By ship from Liverpool, British writer Raban ( Old Glory ) arrived in New York, ``a city in a round-the-clock state of emergency,'' to begin his quest for the real America. In Alabama he found ``Calvinist'' values of godliness, hearth and home, and resistance to change ``riding higher than at any time since the Civil War.'' Sated on ``Christ-haunted'' cookouts and family suppers, he flew to ``impressively tolerant'' Seattle, where only intruding Californians were discriminated against, and was struck by the zeal and energy of Korean immigrants. In Seattle he adopted an alter ego, ``Rainbird,'' that of a settled-in novelist, and in the Florida Keys he impersonated a floating outlaw in Miami Vice style. This distancing device lets him step back to assess the potential and heartbreak of a country where an ache for transcendence is channeled into TV, fashion, star-worship, the lottery and escapist fantasy. Wonderfully observant, often hilarious, the book is written in almost sensual prose with the astonished integrity of a visitor who dropped in from another planet. 50,000 first printing; author tour. (May)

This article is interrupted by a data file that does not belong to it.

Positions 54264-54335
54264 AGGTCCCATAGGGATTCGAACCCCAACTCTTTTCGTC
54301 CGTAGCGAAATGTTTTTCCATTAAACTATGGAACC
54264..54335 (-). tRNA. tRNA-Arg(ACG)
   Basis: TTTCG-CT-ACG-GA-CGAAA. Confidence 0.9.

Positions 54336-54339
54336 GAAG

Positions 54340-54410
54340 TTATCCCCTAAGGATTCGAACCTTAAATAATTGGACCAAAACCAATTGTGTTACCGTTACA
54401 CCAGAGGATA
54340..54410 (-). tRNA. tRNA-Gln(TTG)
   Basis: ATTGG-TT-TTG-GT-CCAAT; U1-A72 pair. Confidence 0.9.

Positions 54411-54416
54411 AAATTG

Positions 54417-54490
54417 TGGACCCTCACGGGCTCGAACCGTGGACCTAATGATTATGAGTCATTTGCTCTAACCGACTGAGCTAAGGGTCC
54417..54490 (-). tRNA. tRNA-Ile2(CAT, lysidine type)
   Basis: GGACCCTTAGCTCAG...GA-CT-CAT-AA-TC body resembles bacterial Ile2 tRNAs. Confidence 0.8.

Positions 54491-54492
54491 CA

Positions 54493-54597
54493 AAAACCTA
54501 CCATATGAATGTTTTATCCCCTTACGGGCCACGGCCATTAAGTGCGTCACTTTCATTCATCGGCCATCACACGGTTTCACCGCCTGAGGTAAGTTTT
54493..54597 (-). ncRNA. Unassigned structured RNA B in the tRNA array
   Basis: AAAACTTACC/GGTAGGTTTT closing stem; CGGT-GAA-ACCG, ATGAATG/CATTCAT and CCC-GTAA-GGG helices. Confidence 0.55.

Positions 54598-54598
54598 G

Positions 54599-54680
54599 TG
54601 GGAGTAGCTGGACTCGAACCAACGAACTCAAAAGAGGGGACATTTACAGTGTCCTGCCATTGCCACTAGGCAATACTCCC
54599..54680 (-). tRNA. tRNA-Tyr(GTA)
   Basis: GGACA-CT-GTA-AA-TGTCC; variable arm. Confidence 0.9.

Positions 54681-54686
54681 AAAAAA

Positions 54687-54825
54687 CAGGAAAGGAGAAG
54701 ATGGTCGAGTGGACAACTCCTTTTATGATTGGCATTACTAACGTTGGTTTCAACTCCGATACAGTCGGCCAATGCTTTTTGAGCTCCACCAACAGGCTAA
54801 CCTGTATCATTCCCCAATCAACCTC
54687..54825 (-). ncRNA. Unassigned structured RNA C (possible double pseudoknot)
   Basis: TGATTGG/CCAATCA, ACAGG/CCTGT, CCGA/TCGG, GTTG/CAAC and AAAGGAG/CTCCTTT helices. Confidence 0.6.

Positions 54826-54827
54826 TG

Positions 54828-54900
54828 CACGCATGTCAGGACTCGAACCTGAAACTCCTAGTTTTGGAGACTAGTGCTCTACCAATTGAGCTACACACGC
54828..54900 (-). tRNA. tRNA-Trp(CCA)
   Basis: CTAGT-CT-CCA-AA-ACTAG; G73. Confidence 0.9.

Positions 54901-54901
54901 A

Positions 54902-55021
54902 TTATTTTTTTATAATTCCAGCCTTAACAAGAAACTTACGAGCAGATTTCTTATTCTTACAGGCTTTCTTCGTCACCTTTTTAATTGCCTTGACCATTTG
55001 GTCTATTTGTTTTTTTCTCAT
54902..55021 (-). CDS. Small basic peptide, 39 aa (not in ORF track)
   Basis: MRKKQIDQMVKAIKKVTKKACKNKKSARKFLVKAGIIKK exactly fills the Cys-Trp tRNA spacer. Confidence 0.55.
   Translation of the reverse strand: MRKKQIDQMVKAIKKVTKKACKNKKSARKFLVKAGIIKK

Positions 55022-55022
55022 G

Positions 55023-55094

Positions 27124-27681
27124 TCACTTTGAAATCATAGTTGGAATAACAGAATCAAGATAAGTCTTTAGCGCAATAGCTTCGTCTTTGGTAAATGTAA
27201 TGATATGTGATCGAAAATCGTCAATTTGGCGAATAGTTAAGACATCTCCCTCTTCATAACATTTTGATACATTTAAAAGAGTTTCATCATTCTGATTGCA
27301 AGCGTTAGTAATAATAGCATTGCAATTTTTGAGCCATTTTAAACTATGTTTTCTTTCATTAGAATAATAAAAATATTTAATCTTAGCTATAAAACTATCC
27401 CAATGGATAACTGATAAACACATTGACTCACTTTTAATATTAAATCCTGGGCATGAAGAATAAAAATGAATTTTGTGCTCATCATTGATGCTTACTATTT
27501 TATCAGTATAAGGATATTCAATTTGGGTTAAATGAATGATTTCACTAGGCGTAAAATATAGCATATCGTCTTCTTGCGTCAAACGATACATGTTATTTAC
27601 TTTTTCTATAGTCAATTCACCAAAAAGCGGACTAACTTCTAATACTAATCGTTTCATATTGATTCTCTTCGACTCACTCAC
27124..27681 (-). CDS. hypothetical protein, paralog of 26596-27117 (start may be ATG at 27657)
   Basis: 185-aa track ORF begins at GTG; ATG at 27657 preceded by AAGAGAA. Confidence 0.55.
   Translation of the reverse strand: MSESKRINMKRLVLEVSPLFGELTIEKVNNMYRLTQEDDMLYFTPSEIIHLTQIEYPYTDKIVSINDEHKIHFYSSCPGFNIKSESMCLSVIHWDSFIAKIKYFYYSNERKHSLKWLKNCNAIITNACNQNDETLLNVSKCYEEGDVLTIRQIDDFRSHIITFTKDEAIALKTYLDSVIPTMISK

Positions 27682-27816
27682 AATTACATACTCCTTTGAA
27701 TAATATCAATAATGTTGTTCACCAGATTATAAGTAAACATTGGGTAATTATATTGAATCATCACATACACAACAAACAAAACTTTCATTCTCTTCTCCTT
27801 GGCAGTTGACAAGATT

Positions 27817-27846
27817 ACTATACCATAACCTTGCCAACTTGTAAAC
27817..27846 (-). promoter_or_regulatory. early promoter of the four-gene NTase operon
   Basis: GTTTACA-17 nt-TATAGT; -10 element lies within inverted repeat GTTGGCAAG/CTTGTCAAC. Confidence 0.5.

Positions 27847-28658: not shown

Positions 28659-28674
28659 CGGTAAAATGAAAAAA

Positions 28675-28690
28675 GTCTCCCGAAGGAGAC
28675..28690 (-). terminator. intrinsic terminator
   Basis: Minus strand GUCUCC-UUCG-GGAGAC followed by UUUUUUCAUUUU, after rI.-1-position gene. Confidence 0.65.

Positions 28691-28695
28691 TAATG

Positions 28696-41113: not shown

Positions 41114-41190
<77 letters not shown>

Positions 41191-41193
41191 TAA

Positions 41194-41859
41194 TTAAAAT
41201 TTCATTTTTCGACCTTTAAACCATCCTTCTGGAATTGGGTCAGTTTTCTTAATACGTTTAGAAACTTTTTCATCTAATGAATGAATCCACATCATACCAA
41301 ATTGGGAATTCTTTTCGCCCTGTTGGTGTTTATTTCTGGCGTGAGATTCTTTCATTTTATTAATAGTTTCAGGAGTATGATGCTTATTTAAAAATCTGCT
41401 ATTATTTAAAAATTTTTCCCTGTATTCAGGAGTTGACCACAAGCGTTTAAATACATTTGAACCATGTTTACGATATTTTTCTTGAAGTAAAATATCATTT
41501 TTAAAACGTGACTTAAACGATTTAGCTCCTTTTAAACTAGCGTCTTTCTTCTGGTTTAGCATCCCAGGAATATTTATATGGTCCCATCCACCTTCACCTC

Reviewed on: 04/29/1991 Release date: 05/01/1991 Genre: Nonfiction
During the Covid-19 crisis, Publishers Weekly is providing free digital access to our magazine, archive, and website. To receive the access to the latest issue delivered to your inbox free each week, enter your email below.